What a Snotter
Latest update from Crown Bay – by Anton Bowring
I’m an optimist. If I see a half glass of beer, I’ll drink it. Today turned out to be half a day. In my book it was a good one. Others were frustrated that we didn’t achieve more.
There was still a swell but cautiously we nosed into the shelf at 07.30 and started work. Large lumps of ice fell into the sea around us but the loading platform stayed firm and the first sledge of drums was soon being loaded. The big problem was the crane. You can see it is massive and, this morning, as the hull rose and fell in the swell the hook was hard to control with the sort of accuracy needed to preserve life. To overcome the problem, Cap’n Dave ordered a “Snotter” to be fitted to the hook. This is a length of rope with a smaller hook on the end (I suppose you could say that it hangs from the big hook like a drip on the end of your nose – hence the name!). In effect it means that, instead of being hit on the head by a massive lump of steel, you have your skull shattered by a smaller one – a mallet rather than a sledge hammer. So, hard hats on and off to work we go.
The Ice Group have their own agenda. Theirs is a busy schedule. They are setting out the fuel scoots to try a test pull with the Caterpillars. This is critical. The whole project depends on the ability of the two Cats to pull nearly 80 tons each. On paper it looked possible. On ice, no one could be sure. But that was their problem. Ours was to move the last 227 drums of fuel from the ship’s hold up to the depot lines in readiness for future use. Eric, Glynn, Adrian and Geoff were assigned the task of “dodging the Snotter” and loading the swaying drums, four at a time onto the sledge. Mike and Thea Stroud took up position on the foredeck to keep a beady eye on the ice shelf on either side of the hull to check for cracks in the ice which might cause a collapse and threaten the loading platform and those on it.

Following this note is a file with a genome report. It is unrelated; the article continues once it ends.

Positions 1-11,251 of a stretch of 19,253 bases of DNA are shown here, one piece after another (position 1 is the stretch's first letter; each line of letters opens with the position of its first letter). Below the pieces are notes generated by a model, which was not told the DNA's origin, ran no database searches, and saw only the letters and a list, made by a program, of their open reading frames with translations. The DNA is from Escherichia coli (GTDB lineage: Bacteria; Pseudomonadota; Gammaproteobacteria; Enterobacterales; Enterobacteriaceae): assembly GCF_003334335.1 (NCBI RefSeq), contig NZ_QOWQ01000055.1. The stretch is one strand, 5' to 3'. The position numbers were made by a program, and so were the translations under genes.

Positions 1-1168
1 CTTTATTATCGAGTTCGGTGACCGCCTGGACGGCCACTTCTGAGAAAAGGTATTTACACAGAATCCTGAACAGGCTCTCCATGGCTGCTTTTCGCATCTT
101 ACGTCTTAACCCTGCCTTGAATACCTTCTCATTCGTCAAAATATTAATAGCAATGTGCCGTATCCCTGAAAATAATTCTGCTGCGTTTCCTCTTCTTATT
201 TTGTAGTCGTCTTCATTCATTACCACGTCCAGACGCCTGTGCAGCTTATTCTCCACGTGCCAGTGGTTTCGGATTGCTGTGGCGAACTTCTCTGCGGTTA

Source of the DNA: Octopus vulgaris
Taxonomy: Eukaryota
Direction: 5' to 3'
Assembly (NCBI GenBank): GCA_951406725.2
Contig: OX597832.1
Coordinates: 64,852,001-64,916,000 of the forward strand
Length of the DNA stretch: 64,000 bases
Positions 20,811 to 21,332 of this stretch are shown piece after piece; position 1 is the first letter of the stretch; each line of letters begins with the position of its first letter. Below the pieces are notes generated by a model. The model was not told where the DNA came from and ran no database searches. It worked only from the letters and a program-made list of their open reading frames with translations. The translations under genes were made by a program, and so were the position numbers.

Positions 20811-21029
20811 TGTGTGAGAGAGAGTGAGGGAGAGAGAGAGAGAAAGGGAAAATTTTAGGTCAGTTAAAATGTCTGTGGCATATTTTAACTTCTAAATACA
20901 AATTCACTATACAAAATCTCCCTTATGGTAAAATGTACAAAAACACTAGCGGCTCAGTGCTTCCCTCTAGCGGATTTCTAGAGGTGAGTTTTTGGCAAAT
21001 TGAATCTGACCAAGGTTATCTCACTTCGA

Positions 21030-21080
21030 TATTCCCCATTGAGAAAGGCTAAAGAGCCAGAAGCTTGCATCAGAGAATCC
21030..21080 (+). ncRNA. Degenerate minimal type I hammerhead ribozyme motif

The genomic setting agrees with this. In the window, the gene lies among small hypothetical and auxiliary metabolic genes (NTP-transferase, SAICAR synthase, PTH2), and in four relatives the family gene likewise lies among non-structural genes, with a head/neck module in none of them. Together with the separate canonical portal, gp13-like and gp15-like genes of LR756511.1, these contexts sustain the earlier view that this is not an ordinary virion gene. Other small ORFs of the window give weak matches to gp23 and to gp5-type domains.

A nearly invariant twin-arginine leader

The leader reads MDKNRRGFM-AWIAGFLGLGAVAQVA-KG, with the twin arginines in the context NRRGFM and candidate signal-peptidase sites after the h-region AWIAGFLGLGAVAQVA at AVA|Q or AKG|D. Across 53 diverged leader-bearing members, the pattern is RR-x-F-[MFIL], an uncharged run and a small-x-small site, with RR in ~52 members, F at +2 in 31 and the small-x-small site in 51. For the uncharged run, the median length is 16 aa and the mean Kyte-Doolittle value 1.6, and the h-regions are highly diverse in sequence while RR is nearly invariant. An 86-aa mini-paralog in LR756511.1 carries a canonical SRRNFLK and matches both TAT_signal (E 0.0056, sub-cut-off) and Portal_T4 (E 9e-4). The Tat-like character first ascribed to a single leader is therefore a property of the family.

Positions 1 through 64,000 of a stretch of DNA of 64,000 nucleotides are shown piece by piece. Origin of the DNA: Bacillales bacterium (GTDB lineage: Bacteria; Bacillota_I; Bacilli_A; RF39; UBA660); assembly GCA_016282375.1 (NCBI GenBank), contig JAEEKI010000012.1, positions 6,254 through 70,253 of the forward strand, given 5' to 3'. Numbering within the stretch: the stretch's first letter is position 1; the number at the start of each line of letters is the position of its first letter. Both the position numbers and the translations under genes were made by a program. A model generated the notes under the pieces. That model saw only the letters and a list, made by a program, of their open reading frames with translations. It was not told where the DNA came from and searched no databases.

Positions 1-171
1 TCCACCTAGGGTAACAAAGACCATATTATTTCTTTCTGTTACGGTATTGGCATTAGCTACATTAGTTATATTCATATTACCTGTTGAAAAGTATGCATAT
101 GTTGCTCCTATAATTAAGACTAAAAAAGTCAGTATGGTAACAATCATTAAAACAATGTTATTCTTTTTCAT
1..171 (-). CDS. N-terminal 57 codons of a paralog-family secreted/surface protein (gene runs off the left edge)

The ship shuddered from time to time as the swell pushed us into the ‘V’ section we had made on initial impact. But she’s a sturdy ship and Cap’n Dave is highly experienced and wisely cautious. Unloading got underway and before long, with great skill Justin, the crane driver, had a full sledge of 40 drums which was making its way up towards the depot lines behind ‘Snowflake’. And so the day continued.
The Ice Group came on board at lunch time to collect their personal belongings from their cabins. They joined us for fish and chips (it is Friday). It was a lively and cheerful gathering. Everyone seemed buoyant and exchanged news as if we hadn’t seen each other for months. Then it was back to work. But, due to the distribution of manpower, progress with unloading was slow. Another sledge of 40 drums was taken up the hill but, by mid-afternoon, the swell was creating a potentially dangerous situation and reluctantly it was agreed that unloading should stop. Nevertheless, I consider it a successful day. No one was hurt – no broken bones or battered heads and 80 drums safely laid out at the depot lines. The only injury that I could see was, as we pulled away from the shelf, the ice was smudged in red paint as if our ship had suffered a nosebleed. What a snotter indeed.